But on the other hand, if we all start paying $400 because we want it now, then next week they’ll be $500 or $600. At some point, in principle, a sane man has to say “I don’t care how much I want one, and $600 isn’t going to break me any more than $300 will, but I’m not paying that price.”
I don’t like to buy a gun unless I feel like I’m getting it at “below the going rate.” Doesn’t have to be dramatically cheaper, but I seldom want a gun badly enough to pay more just to have it. But, I would also absolutely break that rule if there was a hypothetical gun I came across that I really wanted. I could easily see myself arguing “Yes, it ought by rights to be about a $500 gun… they want $700. But when are you going to ever see another??” The logic holds but in the real world I can’t think of a gun I’d apply it to right now.
By your other rifles listed I am going to assume your new rifle is in that same ball park. Now you can argue that rifles like this are a tool not a toy, but lets be real here....yea it could be used to put food on the table, but really you are going to use that stock 10/22 for that job. That same 10-22 you never got around to ordering the new barrel and stock and trigger and.........for. So lets call this a toy that happens to be a gun, not one thing wrong with that I have 3 safes full of toys just like that.
Toys like this are in a really odd place at the moment, without going political the world is a really crazy place now, the economy is in a really crazy place now. People still have some money and are willing to spend it now, they see it as a well I have the money now, I always wanted one I might not find another or be able to buy another for a huge list of reasons ranging from money to .gov. So people that have the money now are seeing good examples and snapping it up. They want that toy now and even if a tick more then they really want to spend they know it is just going to be worse later on, so people are buying things for crazy prices.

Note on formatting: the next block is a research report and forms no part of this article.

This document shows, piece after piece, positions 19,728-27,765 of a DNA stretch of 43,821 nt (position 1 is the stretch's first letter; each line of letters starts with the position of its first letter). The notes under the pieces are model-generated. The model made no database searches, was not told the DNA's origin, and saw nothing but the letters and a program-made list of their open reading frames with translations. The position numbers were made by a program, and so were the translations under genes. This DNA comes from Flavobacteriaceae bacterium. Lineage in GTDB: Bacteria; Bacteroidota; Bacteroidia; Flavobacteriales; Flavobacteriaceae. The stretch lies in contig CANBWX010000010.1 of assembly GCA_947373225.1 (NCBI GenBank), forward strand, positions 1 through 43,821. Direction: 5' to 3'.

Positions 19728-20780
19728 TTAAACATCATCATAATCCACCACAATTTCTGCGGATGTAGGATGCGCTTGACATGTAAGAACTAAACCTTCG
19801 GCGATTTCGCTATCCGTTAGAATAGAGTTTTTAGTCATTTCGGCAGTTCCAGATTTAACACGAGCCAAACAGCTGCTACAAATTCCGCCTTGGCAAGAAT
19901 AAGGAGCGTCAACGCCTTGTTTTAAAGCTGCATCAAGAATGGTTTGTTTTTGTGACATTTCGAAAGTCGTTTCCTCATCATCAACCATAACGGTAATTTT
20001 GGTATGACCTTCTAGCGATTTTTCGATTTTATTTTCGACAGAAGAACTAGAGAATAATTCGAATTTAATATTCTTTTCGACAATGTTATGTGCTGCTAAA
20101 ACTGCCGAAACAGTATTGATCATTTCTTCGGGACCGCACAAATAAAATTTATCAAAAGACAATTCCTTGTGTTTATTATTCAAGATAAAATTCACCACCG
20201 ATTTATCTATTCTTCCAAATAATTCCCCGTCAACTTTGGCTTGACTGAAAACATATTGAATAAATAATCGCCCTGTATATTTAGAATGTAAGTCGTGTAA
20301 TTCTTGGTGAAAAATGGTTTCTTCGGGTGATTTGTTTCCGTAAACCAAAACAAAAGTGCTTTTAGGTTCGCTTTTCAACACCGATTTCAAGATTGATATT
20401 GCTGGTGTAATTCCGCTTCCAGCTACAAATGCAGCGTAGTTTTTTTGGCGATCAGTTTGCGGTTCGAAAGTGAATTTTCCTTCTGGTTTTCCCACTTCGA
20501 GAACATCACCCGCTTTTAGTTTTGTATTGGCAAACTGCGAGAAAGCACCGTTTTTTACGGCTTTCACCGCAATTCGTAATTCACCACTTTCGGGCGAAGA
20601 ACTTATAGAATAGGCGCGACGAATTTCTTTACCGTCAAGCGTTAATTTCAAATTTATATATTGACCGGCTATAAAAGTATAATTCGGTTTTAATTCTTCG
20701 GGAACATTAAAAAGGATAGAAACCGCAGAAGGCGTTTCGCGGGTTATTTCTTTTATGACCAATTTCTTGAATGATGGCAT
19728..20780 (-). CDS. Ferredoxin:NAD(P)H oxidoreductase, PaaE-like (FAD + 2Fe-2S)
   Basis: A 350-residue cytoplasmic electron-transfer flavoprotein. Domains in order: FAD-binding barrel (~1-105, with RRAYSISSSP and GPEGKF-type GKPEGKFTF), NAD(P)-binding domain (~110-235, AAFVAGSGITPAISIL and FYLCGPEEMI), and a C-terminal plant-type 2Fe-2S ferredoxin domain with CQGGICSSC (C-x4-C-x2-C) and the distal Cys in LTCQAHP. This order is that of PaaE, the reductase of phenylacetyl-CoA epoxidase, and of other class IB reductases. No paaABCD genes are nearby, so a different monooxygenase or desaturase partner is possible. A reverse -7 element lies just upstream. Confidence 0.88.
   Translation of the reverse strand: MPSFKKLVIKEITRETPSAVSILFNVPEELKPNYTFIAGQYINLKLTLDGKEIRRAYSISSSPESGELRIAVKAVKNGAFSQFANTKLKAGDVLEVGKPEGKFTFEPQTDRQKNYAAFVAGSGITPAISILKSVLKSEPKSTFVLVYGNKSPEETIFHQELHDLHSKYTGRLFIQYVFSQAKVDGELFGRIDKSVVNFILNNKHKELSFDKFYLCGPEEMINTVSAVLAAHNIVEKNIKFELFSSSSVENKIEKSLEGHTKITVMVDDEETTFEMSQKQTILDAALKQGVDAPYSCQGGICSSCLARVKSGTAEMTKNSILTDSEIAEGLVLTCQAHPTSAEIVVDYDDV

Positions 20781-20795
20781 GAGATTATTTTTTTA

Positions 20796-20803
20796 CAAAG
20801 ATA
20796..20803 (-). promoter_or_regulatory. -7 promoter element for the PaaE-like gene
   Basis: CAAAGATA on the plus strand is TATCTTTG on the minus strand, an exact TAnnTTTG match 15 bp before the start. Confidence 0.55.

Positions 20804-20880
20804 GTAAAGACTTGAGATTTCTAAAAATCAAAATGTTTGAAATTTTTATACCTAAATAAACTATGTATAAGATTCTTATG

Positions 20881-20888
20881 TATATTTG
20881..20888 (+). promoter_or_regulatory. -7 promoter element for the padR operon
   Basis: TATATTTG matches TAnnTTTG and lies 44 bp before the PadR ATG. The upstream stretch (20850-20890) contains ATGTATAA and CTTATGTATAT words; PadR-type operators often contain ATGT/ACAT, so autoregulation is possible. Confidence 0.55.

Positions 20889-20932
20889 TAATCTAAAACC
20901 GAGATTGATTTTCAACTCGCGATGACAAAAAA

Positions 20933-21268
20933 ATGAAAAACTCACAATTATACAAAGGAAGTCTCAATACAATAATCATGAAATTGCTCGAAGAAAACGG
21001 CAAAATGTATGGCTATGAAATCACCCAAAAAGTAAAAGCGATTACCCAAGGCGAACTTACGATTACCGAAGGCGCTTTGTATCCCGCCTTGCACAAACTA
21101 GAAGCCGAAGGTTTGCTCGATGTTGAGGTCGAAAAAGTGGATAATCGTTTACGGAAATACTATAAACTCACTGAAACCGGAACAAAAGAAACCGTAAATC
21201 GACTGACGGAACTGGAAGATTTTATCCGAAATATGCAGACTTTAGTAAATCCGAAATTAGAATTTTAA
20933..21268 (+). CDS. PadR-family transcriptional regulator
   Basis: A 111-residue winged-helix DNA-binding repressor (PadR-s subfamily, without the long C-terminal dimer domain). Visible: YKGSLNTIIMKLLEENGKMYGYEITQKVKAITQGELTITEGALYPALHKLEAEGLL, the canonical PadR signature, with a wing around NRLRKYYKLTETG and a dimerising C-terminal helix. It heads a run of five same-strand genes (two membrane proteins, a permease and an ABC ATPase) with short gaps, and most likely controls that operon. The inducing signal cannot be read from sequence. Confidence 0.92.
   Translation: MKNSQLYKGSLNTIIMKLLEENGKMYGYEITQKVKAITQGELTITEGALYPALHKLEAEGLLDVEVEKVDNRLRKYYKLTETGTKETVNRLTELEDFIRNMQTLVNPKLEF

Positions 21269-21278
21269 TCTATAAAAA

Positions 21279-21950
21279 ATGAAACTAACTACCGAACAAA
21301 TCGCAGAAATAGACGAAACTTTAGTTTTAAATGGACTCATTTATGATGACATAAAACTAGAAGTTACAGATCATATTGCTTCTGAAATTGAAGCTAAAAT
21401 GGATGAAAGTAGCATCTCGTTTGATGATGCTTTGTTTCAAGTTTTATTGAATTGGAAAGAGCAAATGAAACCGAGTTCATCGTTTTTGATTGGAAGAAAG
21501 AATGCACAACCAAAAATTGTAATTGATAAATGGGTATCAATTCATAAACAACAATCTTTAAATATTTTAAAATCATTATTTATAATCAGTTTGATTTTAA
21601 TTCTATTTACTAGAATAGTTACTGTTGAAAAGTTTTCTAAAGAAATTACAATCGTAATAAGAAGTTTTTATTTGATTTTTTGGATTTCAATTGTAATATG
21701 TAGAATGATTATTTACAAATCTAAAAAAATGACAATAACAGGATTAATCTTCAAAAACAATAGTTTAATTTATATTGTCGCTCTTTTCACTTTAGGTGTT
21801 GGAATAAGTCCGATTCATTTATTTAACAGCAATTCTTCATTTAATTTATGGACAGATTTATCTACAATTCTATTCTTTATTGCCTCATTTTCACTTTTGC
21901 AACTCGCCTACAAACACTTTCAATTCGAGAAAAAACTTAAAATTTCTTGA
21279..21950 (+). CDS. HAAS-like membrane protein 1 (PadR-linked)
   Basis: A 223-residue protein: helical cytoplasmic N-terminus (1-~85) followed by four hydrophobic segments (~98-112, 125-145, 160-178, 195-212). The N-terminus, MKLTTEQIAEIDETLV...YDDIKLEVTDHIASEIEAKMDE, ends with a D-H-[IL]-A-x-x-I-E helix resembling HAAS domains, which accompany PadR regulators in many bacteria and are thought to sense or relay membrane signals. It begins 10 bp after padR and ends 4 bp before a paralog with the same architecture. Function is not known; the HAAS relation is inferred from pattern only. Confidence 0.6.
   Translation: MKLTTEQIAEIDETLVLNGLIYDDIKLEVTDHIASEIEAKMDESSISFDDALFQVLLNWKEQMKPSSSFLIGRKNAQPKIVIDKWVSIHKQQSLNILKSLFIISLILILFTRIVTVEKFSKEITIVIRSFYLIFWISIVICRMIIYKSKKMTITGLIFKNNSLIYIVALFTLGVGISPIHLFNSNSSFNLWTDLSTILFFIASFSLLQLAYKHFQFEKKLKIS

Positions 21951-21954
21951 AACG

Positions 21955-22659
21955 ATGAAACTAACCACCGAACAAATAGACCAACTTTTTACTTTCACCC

On the other hand....
All those same reasons will make people hold on to their money for when this "recession" rolls into a full 1930's style depression, and hopefully not the world war to go along with it. So they look real hard at that toy think "what is the smart thing to do" and will walk away. The guy at the table could be of that same mindset and start talking "make me an offer" You hem and haw and try to justify your actions, if you can you buy, if you can't you "think about it". So some sellers will let things go if they think they need the cash, cash that daily is worth less and less.
It is like I said an odd time.
I came across both at the last gunshow I went to last weekend. It had been several years that I had been to one (walking issues) and I saw both types of people. And it was quite interesting to see the different items and how they are being sold....quite interesting.
People are not crazy, the world is crazy.